The Terror package is consciously in the Grand Guignol tradition. “A lot of it in the early days was to do with pure realism, and showing things onstage that no one else was daring to,” Megiddo says. “A murder would be committed and reported in the papers, and within four or five days they’d have put it up on the stage. So you have writers spurred by the news. And as we started asking writers to come up with things that were happening right now, and to investigate a kind of reality that they don’t always get to explore, that became a lot harder but way more provocative.”
Megiddo also favours the original Grand Guignol’s “hot and cold shower” strategy. “They’d present a comedy next to something incredibly visceral and bloody, alternating these things with each other,” he says. “Should we be driving the nail further home, or should we be cleansing the palate? Instead of leaving the audience dumped in the most horrifying realisation, maybe we have a responsibility to help them go through the journey and come out the other side.” Of course, that combination of terror, creeping moral unease and grim comedy was a staple of Jacobean tragedy. More recently, it was the infernal marriage of repellent evil with puckish wise-cracking that grounded the popularity of Freddy Krueger in A Nightmare On Elm Street.
Even the work of HP Lovecraft, perhaps the most influential writer in horror literature, contained humour – albeit sometimes unintentional. This summer, one of the big venues on the Edinburgh Fringe presented a stage musical based on Re-Animator, the 1985 movie adaptation of Lovecraft’s novella Herbert West: Re-Animator, and it is unlikely that the brooding, otherworldly master ever imagined such disconcerting spectacles as George Wendt, of Cheers fame, in drag. Although he had firm conceptions regarding the chilling things he wrote about, Lovecraft’s writing itself tends to work more through suggestion. The profound alienness of his subjects, extending even to unimaginable colours and hellishly non-Euclidean geometries, may be difficult to represent effectively onstage, but that has not stopped a number of companies from trying.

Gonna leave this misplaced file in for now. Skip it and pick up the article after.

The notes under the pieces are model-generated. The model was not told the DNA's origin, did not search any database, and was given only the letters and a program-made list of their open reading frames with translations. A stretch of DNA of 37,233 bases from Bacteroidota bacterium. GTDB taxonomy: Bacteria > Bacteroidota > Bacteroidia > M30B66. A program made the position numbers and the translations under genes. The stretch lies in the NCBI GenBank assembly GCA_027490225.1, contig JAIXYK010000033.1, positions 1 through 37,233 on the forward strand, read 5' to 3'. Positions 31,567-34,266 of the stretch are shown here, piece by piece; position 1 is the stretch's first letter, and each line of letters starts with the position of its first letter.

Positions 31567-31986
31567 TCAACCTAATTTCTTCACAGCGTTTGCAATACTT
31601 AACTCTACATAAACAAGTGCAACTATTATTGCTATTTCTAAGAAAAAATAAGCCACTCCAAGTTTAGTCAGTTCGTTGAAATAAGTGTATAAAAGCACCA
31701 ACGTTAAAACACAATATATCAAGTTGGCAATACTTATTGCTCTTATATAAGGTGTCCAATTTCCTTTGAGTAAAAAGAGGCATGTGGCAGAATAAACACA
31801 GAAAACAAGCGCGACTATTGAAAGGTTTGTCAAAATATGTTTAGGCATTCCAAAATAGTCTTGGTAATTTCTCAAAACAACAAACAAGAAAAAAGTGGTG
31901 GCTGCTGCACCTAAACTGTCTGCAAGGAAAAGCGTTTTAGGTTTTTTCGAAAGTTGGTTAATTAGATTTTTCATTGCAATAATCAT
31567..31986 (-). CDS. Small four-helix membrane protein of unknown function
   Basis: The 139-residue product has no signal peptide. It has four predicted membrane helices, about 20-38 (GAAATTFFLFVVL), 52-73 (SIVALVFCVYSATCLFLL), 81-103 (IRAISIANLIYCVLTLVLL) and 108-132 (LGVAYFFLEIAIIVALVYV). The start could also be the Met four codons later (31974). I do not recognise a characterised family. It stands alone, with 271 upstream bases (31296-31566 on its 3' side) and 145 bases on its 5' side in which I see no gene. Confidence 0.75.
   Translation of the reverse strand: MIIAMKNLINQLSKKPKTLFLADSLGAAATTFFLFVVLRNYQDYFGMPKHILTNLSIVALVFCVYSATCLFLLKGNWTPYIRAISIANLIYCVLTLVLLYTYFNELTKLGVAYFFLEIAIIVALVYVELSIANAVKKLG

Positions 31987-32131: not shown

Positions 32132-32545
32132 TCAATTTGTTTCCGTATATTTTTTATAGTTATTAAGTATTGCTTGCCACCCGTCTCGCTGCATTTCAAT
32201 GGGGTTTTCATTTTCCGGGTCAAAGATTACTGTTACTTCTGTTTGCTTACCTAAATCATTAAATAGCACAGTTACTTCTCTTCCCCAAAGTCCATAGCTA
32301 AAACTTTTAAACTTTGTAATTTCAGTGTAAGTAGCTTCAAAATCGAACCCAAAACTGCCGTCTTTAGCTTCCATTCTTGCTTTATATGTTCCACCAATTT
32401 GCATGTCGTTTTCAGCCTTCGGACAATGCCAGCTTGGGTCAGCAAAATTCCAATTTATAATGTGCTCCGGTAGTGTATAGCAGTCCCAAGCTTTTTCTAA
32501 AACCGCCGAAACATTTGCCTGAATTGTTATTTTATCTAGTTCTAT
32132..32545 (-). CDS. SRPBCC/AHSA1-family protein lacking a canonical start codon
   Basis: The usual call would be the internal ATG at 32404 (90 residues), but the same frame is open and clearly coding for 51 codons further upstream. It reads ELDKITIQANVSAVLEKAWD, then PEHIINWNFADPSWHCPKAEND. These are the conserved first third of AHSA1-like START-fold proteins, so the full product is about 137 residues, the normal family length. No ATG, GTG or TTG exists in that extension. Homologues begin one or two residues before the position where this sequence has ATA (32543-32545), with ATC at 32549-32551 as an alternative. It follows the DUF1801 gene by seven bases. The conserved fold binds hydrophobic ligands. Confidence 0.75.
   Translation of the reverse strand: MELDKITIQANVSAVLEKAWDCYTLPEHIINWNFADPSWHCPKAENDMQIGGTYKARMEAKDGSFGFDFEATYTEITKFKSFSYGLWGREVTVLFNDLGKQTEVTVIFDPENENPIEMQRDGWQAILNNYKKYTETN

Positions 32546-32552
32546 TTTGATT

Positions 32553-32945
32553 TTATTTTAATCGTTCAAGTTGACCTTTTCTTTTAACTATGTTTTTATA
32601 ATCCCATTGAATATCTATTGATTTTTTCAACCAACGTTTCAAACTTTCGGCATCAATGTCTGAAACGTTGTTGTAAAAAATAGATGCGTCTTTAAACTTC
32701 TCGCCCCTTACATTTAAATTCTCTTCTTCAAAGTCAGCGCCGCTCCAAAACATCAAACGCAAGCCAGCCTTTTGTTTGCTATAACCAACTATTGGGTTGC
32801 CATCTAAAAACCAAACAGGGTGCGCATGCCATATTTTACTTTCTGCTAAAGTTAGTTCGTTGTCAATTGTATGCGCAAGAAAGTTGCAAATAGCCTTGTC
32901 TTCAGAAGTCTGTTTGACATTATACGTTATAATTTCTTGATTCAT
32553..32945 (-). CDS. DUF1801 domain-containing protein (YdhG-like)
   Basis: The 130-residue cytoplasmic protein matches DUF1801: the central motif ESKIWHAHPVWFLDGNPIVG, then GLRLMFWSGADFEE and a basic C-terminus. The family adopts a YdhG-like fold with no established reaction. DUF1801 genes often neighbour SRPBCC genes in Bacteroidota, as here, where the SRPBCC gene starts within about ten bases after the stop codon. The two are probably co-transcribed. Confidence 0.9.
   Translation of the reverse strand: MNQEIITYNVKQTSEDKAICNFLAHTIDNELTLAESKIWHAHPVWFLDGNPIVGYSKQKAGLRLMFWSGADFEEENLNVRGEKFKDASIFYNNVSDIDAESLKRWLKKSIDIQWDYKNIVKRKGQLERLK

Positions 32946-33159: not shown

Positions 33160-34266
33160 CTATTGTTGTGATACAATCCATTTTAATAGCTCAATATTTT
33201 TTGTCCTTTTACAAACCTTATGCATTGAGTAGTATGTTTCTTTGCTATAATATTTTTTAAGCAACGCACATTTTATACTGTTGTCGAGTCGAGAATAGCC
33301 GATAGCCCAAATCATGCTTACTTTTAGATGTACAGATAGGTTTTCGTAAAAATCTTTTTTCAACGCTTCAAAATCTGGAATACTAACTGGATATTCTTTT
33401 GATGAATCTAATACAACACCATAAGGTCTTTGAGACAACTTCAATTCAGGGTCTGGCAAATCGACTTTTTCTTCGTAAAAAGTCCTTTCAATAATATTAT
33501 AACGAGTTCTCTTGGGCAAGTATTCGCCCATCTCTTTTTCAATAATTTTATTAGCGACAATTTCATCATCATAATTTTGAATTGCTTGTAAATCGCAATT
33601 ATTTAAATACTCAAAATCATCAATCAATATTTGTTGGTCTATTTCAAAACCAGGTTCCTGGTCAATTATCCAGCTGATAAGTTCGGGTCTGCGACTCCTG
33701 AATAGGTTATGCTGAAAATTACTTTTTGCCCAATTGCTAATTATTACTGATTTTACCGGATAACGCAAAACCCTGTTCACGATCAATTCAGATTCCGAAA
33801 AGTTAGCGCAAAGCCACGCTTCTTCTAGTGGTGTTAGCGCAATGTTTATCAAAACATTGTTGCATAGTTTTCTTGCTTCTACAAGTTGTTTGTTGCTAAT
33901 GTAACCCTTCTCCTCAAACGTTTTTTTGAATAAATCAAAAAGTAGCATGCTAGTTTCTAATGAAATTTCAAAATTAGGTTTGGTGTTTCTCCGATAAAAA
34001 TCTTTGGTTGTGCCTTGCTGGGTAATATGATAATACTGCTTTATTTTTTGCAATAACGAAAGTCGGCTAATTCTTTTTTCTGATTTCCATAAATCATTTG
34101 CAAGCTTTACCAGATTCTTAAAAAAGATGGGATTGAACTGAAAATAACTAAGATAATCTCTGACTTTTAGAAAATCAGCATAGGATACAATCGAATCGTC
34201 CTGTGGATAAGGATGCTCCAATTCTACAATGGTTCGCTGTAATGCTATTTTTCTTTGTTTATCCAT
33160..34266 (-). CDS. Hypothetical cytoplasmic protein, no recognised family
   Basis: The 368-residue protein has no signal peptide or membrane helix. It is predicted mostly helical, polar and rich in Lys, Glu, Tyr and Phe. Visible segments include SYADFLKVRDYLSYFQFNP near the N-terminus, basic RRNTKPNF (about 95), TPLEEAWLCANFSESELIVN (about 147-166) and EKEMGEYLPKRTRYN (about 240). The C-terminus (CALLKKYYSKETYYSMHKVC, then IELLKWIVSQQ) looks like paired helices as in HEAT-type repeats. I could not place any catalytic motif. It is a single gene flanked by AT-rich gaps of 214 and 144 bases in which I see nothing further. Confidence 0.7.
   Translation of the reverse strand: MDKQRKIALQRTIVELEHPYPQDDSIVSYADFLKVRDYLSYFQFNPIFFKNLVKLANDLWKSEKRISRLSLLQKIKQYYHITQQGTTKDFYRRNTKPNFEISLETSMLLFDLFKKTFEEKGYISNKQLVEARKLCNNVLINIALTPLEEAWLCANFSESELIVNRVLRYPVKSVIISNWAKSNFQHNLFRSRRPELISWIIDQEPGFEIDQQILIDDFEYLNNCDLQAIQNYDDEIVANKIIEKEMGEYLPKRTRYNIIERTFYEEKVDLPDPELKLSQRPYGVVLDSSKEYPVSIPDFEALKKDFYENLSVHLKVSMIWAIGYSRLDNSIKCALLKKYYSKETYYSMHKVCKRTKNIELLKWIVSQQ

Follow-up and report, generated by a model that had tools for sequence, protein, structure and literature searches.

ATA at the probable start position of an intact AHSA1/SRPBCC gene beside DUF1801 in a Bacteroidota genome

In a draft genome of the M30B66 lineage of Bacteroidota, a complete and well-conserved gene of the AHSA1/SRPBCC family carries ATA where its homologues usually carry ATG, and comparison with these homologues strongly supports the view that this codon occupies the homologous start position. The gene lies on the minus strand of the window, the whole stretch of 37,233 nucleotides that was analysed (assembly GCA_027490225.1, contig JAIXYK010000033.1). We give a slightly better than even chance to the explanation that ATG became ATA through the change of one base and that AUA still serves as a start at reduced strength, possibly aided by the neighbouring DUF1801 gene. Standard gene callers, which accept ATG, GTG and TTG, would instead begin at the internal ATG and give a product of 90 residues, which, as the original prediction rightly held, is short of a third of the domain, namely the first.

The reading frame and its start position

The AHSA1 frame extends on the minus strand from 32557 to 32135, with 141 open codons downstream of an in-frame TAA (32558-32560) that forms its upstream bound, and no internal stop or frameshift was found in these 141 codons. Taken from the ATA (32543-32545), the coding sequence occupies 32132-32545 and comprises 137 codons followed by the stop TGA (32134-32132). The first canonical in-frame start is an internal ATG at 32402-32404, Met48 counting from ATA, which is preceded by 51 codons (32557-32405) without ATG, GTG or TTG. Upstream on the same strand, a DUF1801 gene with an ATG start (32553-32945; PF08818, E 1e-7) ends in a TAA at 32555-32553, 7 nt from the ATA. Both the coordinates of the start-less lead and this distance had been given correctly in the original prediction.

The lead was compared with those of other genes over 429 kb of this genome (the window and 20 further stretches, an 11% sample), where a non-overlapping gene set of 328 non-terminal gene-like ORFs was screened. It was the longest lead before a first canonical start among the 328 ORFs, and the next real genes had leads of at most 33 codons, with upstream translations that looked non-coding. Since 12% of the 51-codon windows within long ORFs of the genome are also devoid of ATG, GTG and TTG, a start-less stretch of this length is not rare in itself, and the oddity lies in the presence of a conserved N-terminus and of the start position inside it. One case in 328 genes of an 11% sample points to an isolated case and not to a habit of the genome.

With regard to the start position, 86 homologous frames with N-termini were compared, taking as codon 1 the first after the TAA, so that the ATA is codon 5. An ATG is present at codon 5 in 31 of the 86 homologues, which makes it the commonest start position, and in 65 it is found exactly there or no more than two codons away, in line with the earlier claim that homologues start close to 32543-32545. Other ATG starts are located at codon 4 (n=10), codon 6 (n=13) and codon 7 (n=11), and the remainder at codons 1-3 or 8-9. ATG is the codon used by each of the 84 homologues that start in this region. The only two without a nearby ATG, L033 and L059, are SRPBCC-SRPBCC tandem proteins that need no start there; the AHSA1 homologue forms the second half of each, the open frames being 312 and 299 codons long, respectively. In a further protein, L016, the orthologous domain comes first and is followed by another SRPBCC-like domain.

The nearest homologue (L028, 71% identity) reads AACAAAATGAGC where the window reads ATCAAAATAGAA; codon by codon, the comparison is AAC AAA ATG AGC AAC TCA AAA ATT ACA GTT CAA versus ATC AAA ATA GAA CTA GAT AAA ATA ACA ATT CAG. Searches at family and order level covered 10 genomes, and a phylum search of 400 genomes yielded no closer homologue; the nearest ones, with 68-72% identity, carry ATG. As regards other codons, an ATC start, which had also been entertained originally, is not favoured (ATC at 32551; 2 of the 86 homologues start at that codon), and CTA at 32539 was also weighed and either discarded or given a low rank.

This autumn’s offerings include an adaptation of Lovecraft’s story The Shadow Over Innsmouth, re-titled Drowning Rock and presented by a company that has, in deference to one of the author’s favourite weird descriptors, called itself Cyclopean Productions; and, as the centrepiece of the London Horror Festival, a presentation called simply The Horror! The Horror! in the atmospheric surroundings of Wilton’s Music Hall, which aims to blend Lovecraft with Victoriana.
And why, ultimately, are we so enticed by material that rekindles our most primal feelings of active discomfort? “Scientists and sociologists have looked into why we’re so drawn to horror, and the upshot of all that research is that they just don’t know – they are completely stumped,” Megiddo says. “There are people who come to the Terror season looking for a particular kind of thrill, and those people will probably be disappointed. There are other people who don’t quite know why they’re there, and they get rattled shitless.”
Terror 2012, Soho Theatre, until November 3, www.sohotheatre.com London Horror Festival, various venues, until November 7, www.londonhorrorfestival.com ‘Nosferatu’, Barbican, from October 31, www.barbican.org.uk ; ‘Drowning Rock’, Camden People’s Theatre, until November 4, www.cptheatre.co.uk
Copyright The Financial Times Limited 2013. You may share using our article tools.
Please don't cut articles from FT.com and redistribute by email or post to the web.